As the elk go down the boats go up
The fourth annual Tennessee elk hunt was Oct. 15-19 and for the second time all five of the bull elk tags were filled. What’s more, the first ever youth elk hunter got her chance on the following weekend and she got her bull.
Two elk were taken on opening day and the other three were taken on the second day. Fourteen-year-old Jessica Parkins of Greeneville took her bull on the first day of the youth hunt. In the first elk hunt in 2009 all five tags were filled, but in 2010 and 2011 only three tags were filled each year. For more information see the news section of http://www.tnwildlife.org .
• Permits to hunt deer at the Arnold Engineering Development Center (AEDC) Wildlife Management Area went on sale on a first-come basis on Oct. 24. The permit fee is $10 plus agent fee for regular license holders, and no charge for Annual Sportsman, Lifetime Sportsman and the senior licenses.
Unit 1 will have one hunt with a quota of 100 hunters scheduled for Nov. 23-25. Unit 2, the Camp Forrest area, will have four hunts with a quota of 200 hunters each, scheduled for Nov. 17-18, Nov. 23-25, Nov. 30 – Dec. 2, and Dec. 8-9.
• Storing your boat for the winter: Fuel tank nearly full or fuel tank nearly empty?
Since marine fuel systems must be vented, moist air will flow in and out of your gas tank for months. If your tank is filled with pure gasoline there is little concern about condensation causing water to contaminant the gasoline. But real problems can occur if your fuel is the now-common gasoline with 10 percent ethanol – called E-10 – added to boost octane.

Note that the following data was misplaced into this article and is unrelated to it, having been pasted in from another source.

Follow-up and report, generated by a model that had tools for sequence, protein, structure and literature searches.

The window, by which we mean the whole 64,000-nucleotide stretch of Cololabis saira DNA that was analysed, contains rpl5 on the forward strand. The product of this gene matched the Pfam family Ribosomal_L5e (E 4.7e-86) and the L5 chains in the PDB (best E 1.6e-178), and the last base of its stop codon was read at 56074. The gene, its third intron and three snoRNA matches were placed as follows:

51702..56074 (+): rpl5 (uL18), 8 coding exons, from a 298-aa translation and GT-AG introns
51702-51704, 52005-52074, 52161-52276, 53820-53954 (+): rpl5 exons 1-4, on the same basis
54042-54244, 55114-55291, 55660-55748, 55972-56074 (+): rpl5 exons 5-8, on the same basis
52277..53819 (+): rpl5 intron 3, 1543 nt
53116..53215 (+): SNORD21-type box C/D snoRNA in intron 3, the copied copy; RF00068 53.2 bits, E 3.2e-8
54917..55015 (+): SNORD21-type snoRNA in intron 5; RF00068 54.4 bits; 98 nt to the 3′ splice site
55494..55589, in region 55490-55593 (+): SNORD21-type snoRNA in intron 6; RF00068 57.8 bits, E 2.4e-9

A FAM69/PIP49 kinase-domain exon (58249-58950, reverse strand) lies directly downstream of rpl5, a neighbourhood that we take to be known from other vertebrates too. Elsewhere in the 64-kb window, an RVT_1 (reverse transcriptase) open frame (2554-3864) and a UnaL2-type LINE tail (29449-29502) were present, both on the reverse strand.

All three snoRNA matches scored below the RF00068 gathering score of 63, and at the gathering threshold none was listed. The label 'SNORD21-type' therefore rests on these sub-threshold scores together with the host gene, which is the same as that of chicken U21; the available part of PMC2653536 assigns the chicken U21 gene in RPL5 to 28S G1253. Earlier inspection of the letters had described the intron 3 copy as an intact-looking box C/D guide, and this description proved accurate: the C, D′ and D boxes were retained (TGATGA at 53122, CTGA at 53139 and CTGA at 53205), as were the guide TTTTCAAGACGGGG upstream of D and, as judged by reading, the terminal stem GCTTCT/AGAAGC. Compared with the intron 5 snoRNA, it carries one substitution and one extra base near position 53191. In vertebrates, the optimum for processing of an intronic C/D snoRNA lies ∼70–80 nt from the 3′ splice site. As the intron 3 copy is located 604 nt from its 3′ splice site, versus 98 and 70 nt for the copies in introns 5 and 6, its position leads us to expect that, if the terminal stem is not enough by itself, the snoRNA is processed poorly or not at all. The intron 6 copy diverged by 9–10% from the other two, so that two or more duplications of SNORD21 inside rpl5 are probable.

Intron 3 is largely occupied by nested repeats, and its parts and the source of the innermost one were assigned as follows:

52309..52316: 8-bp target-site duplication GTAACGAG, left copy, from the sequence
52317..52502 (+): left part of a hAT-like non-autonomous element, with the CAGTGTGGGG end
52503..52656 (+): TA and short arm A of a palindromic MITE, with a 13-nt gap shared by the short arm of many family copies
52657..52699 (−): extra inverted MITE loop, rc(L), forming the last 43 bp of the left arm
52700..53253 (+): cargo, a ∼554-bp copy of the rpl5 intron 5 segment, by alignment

The “nearly empty” philosophy allows the boater to fill the tank in the spring with fresh fuel, thus diminishing the effect of loss of octane in the aged fuel. With E-10 in the nearly empty tank, phase separation can occur which can damage your engine.
The path to phase separation: Ethanol can attract and absorb water, about 10 times more than regular gasoline, and it can still burn harmlessly through the engine. However, there comes a tipping point when the ethanol can no longer absorb the water, and the alcohol will separate out or “phase separate” from the gasoline. When this happens, the solution of water-soaked ethanol will settle to the bottom of the tank, which is where the engine’s fuel system pick-up is located.
The best advice: when storing E-10 in your boat’s fuel tank over winter, keep the tank nearly full. This greatly reduces the volume of moist air that can enter the tank via the vent when temperatures fluctuate. With any fuel, an antioxidant will help keep it fresh during storage. Finally, never plug up a fuel tank vent; it creates pressure that could cause dangerous leaks in the fuel system.
Tom Wiest welcomes news and questions from readers. Contact him at (firstname.lastname@example.org)